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Monday, July 16, 2018

European leaders use debt downgrades to argue for austerity and stimulus

European leaders sought to limit damage from a ratings agency’s downgrade

Written by New York Times | Frankfurt | Published: January 16, 2012 12:15:04 am


European leaders sought to limit damage from a ratings agency’s downgrade of nine countries on Friday,or even turn the news to their advantage,saying that it showed the need to impose more austerity or else do more to stimulate growth.

Germany’s chancellor,Angela Merkel,said Saturday that the downgrade by Standard & Poor’s meant the euro area must speed up measures to create a more centralised currency union.

“We are now challenged to implement the fiscal pact quickly,” Merkel said in a statement Saturday,a day after S&P downgraded France,Austria and seven other countries — but not Germany. She added that leaders should not water down the agreement and instead quickly pass other measures they have agreed to,like limits on debt.

In Italy,Prime Minister Mario Monti used the downgrades to bolster his argument that austerity alone would not solve the crisis. Europe needs to support “national efforts in favour of growth and employment,” Monti told the newspaper Il Sole 24 Ore,according to Bloomberg News.

On Saturday,S&P defended its debt downgrade decision. “They have not achieved a solution that is sufficient in size or scope,” the S&P analyst Moritz Kraemer told reporters in a conference call,according to The Associated Press.

The downgrades did not come as a surprise and were somewhat less severe than expected. In recent weeks,there have been a few hopeful signs in Europe,including economic indicators that were better than expected,successful bond sales by countries like Italy,and a more forceful response from the European Central Bank.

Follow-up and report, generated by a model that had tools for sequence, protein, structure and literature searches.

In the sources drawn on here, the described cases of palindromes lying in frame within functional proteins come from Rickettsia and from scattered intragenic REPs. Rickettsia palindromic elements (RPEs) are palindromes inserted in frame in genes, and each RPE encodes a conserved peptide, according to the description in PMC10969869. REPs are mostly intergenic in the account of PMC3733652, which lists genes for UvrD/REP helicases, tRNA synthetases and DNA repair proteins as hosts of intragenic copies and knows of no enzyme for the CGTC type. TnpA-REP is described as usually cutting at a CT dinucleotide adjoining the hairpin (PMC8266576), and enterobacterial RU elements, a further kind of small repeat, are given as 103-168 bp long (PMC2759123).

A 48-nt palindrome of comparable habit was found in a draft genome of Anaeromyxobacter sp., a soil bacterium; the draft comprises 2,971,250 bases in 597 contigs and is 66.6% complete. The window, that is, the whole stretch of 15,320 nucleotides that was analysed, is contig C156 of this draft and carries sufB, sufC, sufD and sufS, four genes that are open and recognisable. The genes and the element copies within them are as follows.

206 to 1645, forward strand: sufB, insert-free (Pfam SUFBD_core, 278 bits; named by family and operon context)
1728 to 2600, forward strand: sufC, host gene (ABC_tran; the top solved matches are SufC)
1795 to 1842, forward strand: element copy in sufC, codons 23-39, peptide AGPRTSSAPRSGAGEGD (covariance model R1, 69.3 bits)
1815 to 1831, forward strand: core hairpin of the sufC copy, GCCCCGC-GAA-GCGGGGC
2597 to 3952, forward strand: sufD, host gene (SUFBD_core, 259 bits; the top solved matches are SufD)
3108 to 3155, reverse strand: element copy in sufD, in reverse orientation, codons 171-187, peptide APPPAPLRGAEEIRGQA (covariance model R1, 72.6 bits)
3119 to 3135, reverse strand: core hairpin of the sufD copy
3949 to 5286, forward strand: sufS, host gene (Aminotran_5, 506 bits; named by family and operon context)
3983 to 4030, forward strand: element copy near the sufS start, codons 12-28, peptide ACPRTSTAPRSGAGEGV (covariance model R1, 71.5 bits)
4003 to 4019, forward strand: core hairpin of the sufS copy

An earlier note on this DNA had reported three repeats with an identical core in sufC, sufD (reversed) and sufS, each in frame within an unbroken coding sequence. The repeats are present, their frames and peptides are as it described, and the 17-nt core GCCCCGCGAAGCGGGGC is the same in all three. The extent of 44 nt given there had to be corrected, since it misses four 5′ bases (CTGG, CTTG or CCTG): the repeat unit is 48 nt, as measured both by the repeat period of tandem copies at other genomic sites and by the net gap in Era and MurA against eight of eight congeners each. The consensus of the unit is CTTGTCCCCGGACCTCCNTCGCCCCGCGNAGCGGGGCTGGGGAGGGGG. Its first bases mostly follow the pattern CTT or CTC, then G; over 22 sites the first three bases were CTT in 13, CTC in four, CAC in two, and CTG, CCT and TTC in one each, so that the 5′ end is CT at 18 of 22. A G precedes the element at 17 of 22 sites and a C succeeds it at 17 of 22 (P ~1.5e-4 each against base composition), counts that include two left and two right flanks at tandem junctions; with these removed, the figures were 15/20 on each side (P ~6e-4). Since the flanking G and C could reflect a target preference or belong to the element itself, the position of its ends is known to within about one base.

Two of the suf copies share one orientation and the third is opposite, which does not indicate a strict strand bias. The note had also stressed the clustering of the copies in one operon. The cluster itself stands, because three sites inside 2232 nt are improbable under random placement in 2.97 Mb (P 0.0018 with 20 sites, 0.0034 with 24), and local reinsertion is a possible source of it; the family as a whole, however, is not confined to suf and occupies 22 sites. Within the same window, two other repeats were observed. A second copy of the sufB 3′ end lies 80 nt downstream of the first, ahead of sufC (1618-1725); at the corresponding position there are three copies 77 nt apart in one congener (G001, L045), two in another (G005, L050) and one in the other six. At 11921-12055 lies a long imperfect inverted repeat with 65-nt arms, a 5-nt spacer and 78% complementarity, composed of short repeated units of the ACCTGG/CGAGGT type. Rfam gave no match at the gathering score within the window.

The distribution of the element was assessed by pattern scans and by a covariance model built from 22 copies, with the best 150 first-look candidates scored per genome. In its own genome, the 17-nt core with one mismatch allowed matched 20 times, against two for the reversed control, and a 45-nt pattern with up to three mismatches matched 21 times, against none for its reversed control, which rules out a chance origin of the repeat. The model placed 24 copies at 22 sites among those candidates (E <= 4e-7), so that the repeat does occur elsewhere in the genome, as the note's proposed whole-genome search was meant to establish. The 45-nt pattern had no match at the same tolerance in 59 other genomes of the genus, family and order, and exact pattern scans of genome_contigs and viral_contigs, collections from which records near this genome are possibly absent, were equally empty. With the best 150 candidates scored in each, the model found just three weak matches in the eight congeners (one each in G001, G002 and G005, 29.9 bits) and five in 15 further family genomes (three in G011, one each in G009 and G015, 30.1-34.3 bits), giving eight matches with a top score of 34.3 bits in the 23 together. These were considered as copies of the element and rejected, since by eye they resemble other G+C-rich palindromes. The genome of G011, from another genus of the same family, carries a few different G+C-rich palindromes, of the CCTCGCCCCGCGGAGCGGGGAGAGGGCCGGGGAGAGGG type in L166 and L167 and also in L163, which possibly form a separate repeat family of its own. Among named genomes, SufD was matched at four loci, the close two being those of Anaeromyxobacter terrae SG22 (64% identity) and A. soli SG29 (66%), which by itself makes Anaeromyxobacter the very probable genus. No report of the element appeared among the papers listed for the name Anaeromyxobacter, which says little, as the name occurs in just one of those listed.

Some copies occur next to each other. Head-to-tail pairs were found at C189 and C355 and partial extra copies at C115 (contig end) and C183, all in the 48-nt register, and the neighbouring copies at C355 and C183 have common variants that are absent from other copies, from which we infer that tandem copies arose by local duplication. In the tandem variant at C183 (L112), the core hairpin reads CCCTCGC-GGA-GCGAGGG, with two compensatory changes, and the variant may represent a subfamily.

“This may be why some of S&P’s actions have not been as dramatic as hinted at in early December,” Laurent Fransolet,an analyst at Barclays Capital in London,wrote in a note to clients. S&P praised the European Central Bank,which has flooded banks with cheap loans to prevent a credit squeeze. “We believe that euro zone monetary authorities have been instrumental in averting a collapse of market confidence,” the agency said Friday.

Spared a cut were Belgium,Estonia,Finland,Germany,Ireland,Luxembourg and the Netherlands. They were among euro zone countries placed on “credit watch with negative implications” by S&P in December.

Still,the downgrades were hardly good news,especially since moves by one ratings agency have often been followed by others. The S&P action adds to the pressure on European leaders,and strengthens Merkel as she pushes her peers to increase austerity measures.

“Germany comes out as a clear winner and will have its position at the negotiating table strengthened even further,” Royal Bank of Scotland analysts said in a note.

Merkel said the downgrades showed that euro zone countries had a lot of work to do to restore investor trust. She also said that Europe should get its permanent rescue fund,known as the European Stability Mechanism,in operation sooner.

France can overcome crisis with reforms: Sarkozy
French president Nicolas Sarkozy said on Sunday that France could overcome its debt crisis as long as it was prepared to pull together to adopt economic reforms,two days after the country lost its prized triple-A credit rating. Sarkozy said he would announce reforms at the end of the month and that he intends to implement them rapidly following talks with union leaders and employers this coming week.

“I will tell them (the French people) the important decisions that we need to take without losing any time,” he said in a speech to mark the 100th anniversary of the birth of Michel Debre,father of the constitution of France’s Fifth Republic.


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